Married with two children, this was not a light decision. Pilecki recognised that in taking on this mission he could potentially never see his family again. He did not tell his wife, Maria, the full details in order to protect her, but she knew that his decision meant he was putting his country first above everything else. Arriving at Auschwitz on the night of September 21st in an over-packed freight car, Pilecki was met with shouting and men with angry dogs and sticks as he and the other prisoners were ordered to vacate the carriages. The reality of the brutal violence and inhumanity which characterised the concentration camp was becoming more apparent, as the SS were shooting those who dared to escape, even if prompted to do so by the guards themselves. In the fear and chaos that was taking place, Pilecki barely realised the barbed wire fencing and the gate under which he was passing upon which included the chilling phrase, Arbeit macht frei (Work sets you free). The way to this freedom was soon made apparent to Pilecki at the camp roll call in the coming days when SS Hauptsturmführer, Karl Fritzch, told the prisoners: “Look there at the chimney … This is the crematory. Three thousand degrees of heat. The chimney is your only way to freedom.”
Fairweather succeeds in presenting an extremely detailed and sobering account of Pilecki’s two and a half years at Auschwitz. Using a range of material from the Auschwitz archives, recently declassified files, as well as Pilecki’s own family papers and unpublished accounts from camp inmates, the extent of the camp’s resistance movement, which was set up by Pilecki, unfolds to the reader. In his aim to alert the Polish underground in Warsaw, and subsequently the Allies, about the reality of what was taking place in Auschwitz, Pilecki turned to prisoners destined for early release to smuggle out information. Those who planned their escape from the camp were also entrusted with important information, statistics and in some cases written reports to pass on to underground state officials in Warsaw. Witnessing the horrors of the camp, Pilecki urged the Allies to bomb the camp, as he believed this would give the prisoners the best chance of staging an uprising. He was aware that staging an uprising with no support from the Allies would only end in mass casualties and risked reprisal against all the prisoners. However, these requests were repeatedly ignored and dismissed by the Allies.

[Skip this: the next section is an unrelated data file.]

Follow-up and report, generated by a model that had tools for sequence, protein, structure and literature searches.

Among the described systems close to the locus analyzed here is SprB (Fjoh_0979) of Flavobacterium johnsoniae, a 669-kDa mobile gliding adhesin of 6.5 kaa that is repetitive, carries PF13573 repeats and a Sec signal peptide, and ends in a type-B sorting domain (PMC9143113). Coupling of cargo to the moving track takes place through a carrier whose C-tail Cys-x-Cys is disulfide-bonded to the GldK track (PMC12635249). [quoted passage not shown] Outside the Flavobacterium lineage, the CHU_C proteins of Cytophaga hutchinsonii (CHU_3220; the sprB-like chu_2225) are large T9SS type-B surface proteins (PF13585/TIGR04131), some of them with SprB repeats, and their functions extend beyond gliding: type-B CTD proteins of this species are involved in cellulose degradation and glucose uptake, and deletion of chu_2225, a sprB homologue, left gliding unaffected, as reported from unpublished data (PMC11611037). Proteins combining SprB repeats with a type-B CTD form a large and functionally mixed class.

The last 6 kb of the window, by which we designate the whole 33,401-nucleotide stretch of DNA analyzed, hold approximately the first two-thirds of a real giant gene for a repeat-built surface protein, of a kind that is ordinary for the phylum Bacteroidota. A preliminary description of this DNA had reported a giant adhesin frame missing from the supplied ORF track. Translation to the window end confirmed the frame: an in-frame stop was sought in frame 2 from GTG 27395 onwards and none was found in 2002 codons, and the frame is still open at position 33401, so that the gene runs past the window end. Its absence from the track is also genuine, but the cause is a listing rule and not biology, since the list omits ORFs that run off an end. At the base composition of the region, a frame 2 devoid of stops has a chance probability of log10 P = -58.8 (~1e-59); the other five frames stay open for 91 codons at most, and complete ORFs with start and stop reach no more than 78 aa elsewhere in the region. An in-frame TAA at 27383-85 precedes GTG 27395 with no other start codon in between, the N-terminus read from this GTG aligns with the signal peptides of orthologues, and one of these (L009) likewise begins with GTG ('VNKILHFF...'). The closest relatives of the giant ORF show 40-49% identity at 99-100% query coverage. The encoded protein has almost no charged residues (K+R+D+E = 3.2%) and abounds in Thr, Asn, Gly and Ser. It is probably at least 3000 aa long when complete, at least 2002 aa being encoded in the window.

Despite the fact that at every moment there was a risk of being beaten by a Kapo or even just killed for the entertainment of an SS officer, Pilecki managed to build up a network of cells across the camp which were able to collate information on the role of the camp in the wider German war plan. This included information on the crematorium death toll, reporting on the arrival and extermination of Soviet prisoners, the beginning of experiments on prisoners, the building of Auschwitz-Birkenau, and the scale of Jewish prisoners to this new section of the camp. Fairweather explains that the numbers were not always accurate in the reports, and a full understanding of the purpose of the camp was not entirely grasped by Pilecki and his men. However what Fairweather does emphasise is that Pilecki understood, from a very early stage, that Auschwitz played a key role in Germany’s ideology and that it was the site where the Nazi’s racism was fully realised.